Pugs can no longer be considered ‘typical dogs’, vets warn

With their little squashed noses and wrinkled faces, pugs have become favorites of dog lovers and celebrities alike.

But a new study has warned that the breed is now suffering from such serious health problems that it can no longer be considered a “typical dog”.

Pugs are much more likely to suffer from respiratory, eye and skin disorders than other breeds, according to vets from the Royal Veterinary College.

“The very different health profiles between pugs and other dogs in the UK suggest that the pug has diverged so much from traditional dog breeds that the pug breed can no longer be considered a typical dog,” the researchers wrote in their study, Published in Canine medicine and genetics.

According to veterinarians from the Royal Veterinary College, Pugs are much more likely to suffer from respiratory, eye and skin disorders than other breeds.

What conditions are pugs at high risk for?

  • 54x more likely to have brachycephalic airway obstructive syndrome
  • 51x more likely to have narrow nostrils
  • 13x more likely to have corneal ulceration
  • 11x more likely to have skinfold dermatitis
  • 2.5 times more likely to be obese
  • 2x more likely to have overgrown nails

The short-faced “brachycephalic” characteristics of pugs did not evolve naturally and are instead the result of selective breeding.

This facial structure puts them at high risk for health problems, including respiratory, eye and skin disorders.

‘Pugs have become incredibly popular in the UK over the last few decades,’ explained the research team led by Dr Dan O’Neill.

“The breed has a flat face that many humans find very attractive and ‘cute’, but this flat face is also linked to several serious health issues.

“As a result, there is growing concern about the welfare issues associated with the popularity and health issues of pugs.”

In the study, researchers compared the risks of 40 common conditions in Pugs with other dog breeds.

The team analyzed records from 16,218 Pugs and 889,326 non-Pug breeds, taken from the VetCompass database.

Their analysis found that pugs had an increased risk of 23 of 40 common disorders.

Pugs were 54 times more likely to have brachycephalic airway obstructive syndrome – a condition affecting the upper airways – and 51 times more likely to have narrow nostrils.

The breed was also 13 times more likely to suffer from corneal ulceration and almost 11 times more likely to have skinfold dermatitis.

Additionally, pugs were 2.5 times more likely to be obese and twice as likely to have overgrown nails.

Pugs were 54 times more likely to have brachycephalic airway obstruction syndrome - a condition affecting the upper airways - and 51 times more likely to have narrow nostrils (stock image)

Pugs were 54 times more likely to have brachycephalic airway obstruction syndrome – a condition affecting the upper airways – and 51 times more likely to have narrow nostrils (stock image)

What is brachycephalic airway obstructive syndrome?

Brachycephalic Obstructive Airway Syndrome (BOAS) is the term given to the effects that the shortened head of these animals has on the passage of air through the upper airways.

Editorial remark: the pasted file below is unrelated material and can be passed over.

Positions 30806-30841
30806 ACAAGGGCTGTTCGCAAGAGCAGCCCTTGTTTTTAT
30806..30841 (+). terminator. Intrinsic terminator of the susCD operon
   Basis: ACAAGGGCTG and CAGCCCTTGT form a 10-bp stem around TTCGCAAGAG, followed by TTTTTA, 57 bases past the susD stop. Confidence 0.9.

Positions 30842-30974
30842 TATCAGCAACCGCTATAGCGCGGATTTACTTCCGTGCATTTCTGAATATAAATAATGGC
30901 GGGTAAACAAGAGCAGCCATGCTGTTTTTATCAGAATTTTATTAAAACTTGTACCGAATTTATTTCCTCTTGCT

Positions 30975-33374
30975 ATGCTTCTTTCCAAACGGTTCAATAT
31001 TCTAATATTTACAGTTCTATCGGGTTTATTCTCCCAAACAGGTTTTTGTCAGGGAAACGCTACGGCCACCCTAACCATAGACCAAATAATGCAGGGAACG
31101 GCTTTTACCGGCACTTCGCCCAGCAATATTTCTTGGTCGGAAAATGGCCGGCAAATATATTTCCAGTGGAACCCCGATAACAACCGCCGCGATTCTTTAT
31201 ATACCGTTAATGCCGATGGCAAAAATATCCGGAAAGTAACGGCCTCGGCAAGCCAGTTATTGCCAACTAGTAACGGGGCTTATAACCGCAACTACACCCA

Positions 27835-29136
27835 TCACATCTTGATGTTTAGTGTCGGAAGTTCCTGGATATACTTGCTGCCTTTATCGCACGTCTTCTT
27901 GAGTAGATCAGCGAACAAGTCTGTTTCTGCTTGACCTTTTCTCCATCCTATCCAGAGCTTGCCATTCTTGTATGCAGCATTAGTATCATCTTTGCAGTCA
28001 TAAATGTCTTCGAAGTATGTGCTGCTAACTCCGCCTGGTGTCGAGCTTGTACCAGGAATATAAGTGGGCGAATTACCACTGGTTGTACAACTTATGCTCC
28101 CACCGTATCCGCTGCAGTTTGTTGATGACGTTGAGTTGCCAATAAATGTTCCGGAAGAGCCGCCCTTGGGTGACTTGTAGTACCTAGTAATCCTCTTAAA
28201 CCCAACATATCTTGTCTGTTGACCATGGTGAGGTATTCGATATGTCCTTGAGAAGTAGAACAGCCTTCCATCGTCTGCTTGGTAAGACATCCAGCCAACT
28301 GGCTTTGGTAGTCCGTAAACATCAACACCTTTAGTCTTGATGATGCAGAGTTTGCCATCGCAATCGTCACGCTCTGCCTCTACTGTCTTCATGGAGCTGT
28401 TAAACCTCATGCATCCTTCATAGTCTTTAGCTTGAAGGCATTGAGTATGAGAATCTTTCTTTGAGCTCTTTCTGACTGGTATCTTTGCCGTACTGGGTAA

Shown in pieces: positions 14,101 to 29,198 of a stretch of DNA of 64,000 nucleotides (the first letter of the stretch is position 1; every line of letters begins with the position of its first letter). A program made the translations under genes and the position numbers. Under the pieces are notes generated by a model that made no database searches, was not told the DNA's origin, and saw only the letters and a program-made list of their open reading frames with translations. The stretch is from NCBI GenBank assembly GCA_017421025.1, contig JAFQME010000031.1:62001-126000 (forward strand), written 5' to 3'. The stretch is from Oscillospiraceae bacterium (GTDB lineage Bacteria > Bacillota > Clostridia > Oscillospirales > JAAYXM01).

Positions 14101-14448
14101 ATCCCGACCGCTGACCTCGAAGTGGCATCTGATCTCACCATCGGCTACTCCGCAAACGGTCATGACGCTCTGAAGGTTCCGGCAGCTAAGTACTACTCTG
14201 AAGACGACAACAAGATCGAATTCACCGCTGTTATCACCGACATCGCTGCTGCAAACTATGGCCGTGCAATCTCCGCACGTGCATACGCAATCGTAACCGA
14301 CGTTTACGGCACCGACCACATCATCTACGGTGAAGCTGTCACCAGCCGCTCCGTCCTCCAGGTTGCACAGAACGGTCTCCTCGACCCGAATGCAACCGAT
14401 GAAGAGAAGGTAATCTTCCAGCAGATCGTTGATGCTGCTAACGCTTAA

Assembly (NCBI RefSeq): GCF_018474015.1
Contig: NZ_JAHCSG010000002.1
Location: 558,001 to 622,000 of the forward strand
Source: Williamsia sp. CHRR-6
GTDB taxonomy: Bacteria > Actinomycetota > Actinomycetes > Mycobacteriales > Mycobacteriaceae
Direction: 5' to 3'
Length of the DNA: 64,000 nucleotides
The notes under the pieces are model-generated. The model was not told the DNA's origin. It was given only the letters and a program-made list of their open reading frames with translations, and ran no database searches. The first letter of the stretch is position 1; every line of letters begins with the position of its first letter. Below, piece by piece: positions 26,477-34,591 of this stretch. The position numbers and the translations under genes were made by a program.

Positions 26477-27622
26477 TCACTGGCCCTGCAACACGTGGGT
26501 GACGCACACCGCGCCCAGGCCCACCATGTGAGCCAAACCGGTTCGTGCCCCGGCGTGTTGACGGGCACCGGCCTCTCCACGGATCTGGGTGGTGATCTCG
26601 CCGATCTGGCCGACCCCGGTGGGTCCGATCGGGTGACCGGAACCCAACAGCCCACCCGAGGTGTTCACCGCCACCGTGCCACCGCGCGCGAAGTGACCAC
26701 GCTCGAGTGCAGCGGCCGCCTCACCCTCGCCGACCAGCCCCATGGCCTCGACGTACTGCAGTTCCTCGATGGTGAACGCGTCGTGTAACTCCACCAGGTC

Signs can range from mild snoring to serious breathing problems.

Animals suffering from BOAS may have difficulty breathing during exercise and even collapse due to lack of air.

Dogs’ reliance on panting for cooling also makes pets with BOAS highly susceptible to overheating and developing potentially serious breathing difficulties in hot conditions.

However, it wasn’t all catastrophic – pugs were found to be less at risk of developing several other conditions, including heart murmurs, lipomas and aggression.

“The study provides a broad evidence base on the positive and negative aspects of Pug health,” the researchers concluded.

“Disease predispositions were more common than disease protections, supporting the hypothesis that there are many critical health-related welfare issues for Pugs to overcome.”

The study comes shortly after researchers revealed that pugs are among the dog breeds with the shortest lifespans.

Vets from the Royal Veterinary College assessed 30,563 dogs from 18 breeds to see how life expectancy varies between pooches.

Their findings reveal that while the average life expectancy for dogs in the UK is 11.2 years, it varies hugely between breeds.

Jack Russell Terriers had the highest life expectancy from 0 years old to 12.7 years old, followed by Border Collies (12.1 years old) and Springer Spaniels (11.92 years old).

At the other end of the scale, four flat-faced breeds were found to have the shortest life expectancies.

French Bulldogs were only expected to live 4.5 years from age 0, followed by English Bulldogs at 7.4, Pugs at 7.7, and American Bulldogs at 7.8.

Dr Kendy Tzu-yun Teng, who led the study, said: “Dog life tables offer new insights and new ways to look at the life expectancy of companion dogs.

“They are also strong evidence of compromised health and well-being in short, flat-faced breeds, such as the French Bulldog and Bulldog.”

Dog breeds with the longest and shortest life expectancies

Longest life expectancy:

Jack Russell Terrier – 12.72

Yorkshire Terrier – 12.54

Border Collie – 12.10

Springer Spaniel – 11.92

Crusader – 11.82

Labrador Retrievers – 11.77

Staffordshire Bull Terrier – 11.33

Cocker Spaniel – 11.31

Shih Tzu – 11.05

Shortest life expectancy:

French Bulldog – 4.53

English Bulldog – 7.39

Pug – 7.65

American Bulldog – 7.79

Chihuahua – 7.91

Husky – 9.53

Beagle – 9.85

Boxer – 10.04

German Shepherd – 10.16

Cavalier King Charles Spaniel – 10.45